Although it may seem outdated, out of all the social media options popular today, my social media of choice is Facebook. While there are many benefits to Facebook, such as being able to see the postings of my loved ones and sharing exciting events with family and friends who live far away, I rarely am on Facebook. About five years ago I made the decision to unfollow all political pages and spend less time on Facebook.
You see, every time I went on Facebook, I found myself in a vacuum of my own thoughts and political opinions. And while at first this seemed like a good thing, I found that over time it began to change me for the worse. I began to look at those who disagreed with me as “others.” I saw them as people bent on destroying the world. And I saw myself and those who agreed with me as the “better” people, who, through our own morality, would save the world. And day by day, as I surrounded myself with echoes of my own thoughts, I began to despise the “others” more and more until I ultimately began to hate them. And my hate began to fester inside of me so much that even people who were my own family and friends became my enemies.
Over the past several years, our country has faced a similar situation. And we have become so divided along political lines that some have begun to label anyone who disagrees with them politically as “the enemy.” And some, on both sides, have called for the death of others.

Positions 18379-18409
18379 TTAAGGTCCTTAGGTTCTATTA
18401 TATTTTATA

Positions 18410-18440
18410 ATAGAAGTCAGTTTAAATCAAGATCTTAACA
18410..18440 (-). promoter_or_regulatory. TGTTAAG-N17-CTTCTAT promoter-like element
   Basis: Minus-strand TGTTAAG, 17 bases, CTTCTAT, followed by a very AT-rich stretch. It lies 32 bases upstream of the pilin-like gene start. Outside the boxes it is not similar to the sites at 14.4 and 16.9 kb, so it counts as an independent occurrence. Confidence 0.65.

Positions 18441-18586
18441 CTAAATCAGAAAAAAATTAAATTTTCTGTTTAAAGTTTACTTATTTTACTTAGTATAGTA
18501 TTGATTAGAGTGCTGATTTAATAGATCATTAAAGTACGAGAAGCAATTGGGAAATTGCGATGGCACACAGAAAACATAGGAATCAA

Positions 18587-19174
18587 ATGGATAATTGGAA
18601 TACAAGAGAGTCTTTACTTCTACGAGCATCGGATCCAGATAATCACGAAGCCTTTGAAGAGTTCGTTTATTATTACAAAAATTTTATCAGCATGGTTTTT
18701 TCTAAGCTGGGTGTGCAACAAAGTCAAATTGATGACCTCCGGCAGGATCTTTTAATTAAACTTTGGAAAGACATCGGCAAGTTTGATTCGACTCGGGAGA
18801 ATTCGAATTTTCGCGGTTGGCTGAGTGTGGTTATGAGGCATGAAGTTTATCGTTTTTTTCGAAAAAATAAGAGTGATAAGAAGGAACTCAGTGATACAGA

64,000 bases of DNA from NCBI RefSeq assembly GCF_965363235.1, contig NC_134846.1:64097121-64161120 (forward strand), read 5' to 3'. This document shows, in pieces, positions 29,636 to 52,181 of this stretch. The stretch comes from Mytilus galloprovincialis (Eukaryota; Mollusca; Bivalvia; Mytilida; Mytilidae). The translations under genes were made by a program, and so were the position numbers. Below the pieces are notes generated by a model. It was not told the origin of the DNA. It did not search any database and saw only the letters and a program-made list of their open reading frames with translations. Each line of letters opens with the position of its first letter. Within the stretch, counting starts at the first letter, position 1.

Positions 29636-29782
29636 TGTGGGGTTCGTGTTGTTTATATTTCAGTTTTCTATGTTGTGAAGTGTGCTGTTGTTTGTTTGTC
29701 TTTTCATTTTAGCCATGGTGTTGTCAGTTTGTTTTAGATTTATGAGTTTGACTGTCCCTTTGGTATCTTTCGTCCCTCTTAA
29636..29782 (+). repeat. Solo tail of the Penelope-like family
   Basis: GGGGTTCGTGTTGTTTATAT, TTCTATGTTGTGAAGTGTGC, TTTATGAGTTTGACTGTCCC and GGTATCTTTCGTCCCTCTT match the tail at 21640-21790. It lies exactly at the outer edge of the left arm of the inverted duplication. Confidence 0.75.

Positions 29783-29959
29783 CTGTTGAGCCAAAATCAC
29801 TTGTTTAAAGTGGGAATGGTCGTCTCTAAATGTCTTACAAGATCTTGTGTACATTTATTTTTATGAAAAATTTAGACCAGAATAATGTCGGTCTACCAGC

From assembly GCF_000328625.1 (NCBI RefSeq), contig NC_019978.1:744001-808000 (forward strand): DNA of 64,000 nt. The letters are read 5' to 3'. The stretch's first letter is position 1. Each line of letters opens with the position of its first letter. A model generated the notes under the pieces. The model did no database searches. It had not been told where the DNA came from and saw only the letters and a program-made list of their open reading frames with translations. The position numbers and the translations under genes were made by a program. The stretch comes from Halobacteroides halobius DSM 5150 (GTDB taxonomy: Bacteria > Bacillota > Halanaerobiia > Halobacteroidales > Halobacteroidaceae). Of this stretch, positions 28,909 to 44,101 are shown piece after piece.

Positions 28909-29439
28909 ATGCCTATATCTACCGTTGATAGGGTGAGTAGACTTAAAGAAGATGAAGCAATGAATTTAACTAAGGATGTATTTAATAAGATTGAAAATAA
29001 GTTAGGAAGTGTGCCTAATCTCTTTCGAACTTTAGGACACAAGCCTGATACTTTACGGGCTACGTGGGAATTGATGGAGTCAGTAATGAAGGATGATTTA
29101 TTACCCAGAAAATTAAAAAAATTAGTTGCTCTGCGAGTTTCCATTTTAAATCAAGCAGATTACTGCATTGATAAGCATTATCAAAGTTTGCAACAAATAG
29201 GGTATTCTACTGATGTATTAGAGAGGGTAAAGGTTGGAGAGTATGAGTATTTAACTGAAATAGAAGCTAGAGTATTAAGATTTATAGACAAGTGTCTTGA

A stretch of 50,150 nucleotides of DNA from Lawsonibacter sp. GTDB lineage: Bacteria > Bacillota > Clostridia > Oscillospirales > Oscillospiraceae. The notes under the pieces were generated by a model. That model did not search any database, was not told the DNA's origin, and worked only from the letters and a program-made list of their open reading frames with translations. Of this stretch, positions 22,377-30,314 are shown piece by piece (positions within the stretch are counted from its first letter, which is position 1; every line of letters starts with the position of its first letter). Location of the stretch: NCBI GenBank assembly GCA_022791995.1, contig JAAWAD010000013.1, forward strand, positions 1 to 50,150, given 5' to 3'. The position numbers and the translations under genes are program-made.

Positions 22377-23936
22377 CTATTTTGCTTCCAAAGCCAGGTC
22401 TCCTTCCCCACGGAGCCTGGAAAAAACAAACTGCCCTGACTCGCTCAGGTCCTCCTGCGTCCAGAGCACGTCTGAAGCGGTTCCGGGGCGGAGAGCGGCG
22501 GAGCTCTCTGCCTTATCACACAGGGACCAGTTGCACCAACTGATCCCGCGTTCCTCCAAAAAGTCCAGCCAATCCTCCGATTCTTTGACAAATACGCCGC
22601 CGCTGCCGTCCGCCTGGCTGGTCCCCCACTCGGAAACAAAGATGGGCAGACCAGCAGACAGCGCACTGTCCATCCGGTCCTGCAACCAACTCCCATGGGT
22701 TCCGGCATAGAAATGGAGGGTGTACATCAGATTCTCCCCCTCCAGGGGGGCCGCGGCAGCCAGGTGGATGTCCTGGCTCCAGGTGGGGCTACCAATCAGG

But do you know what Jesus tells us to do about our enemies? He doesn’t ask us to hate them or destroy them but to love them. Luke 6:27 says, “But I say to you who hear, Love your enemies, do good to those who hate you …” Even when our reasons for labeling someone as the enemy are right and just and even godly, Christ does not call for hatred or death, but for love and goodness.
This is perhaps one of the hardest things that God calls us to do.
However, this concept of loving your enemy is not foreign to God. Ever since the fall, mankind, in its sin and worldliness, has been an enemy of God (James 4:4). And this includes both you and me. Yet God, in His great mercy, did not wipe us off the face of the planet in His righteous wrath and anger (Deuteronomy 4:31). Instead, He has treated us with love. And in love, He sent His Son, Jesus, to show the greatest act of love: death for our sake (John 15:13). You see, even the most perfect and holy God—when faced with us, the enemies of His perfection—did not destroy us but loved us to the point of death. And He now asks us to both love and do good for our enemies.
But how do we do that? Well, first and foremost we must confess our sins to God and ask for His forgiveness for hating our enemies. We must recognize that it is not our moral superiority that will save the world, but that the world has already been saved through Christ. And as we are forgiven in Christ, He gives us His Holy Spirit who enables us to love our enemies by sharing the gospel with them and praying for their salvation. For Jesus died not only for us, but for our enemies, too. And that’s something worth posting on Facebook.
Mikey Meester [FLS first-year] is from Valley City, N.D.
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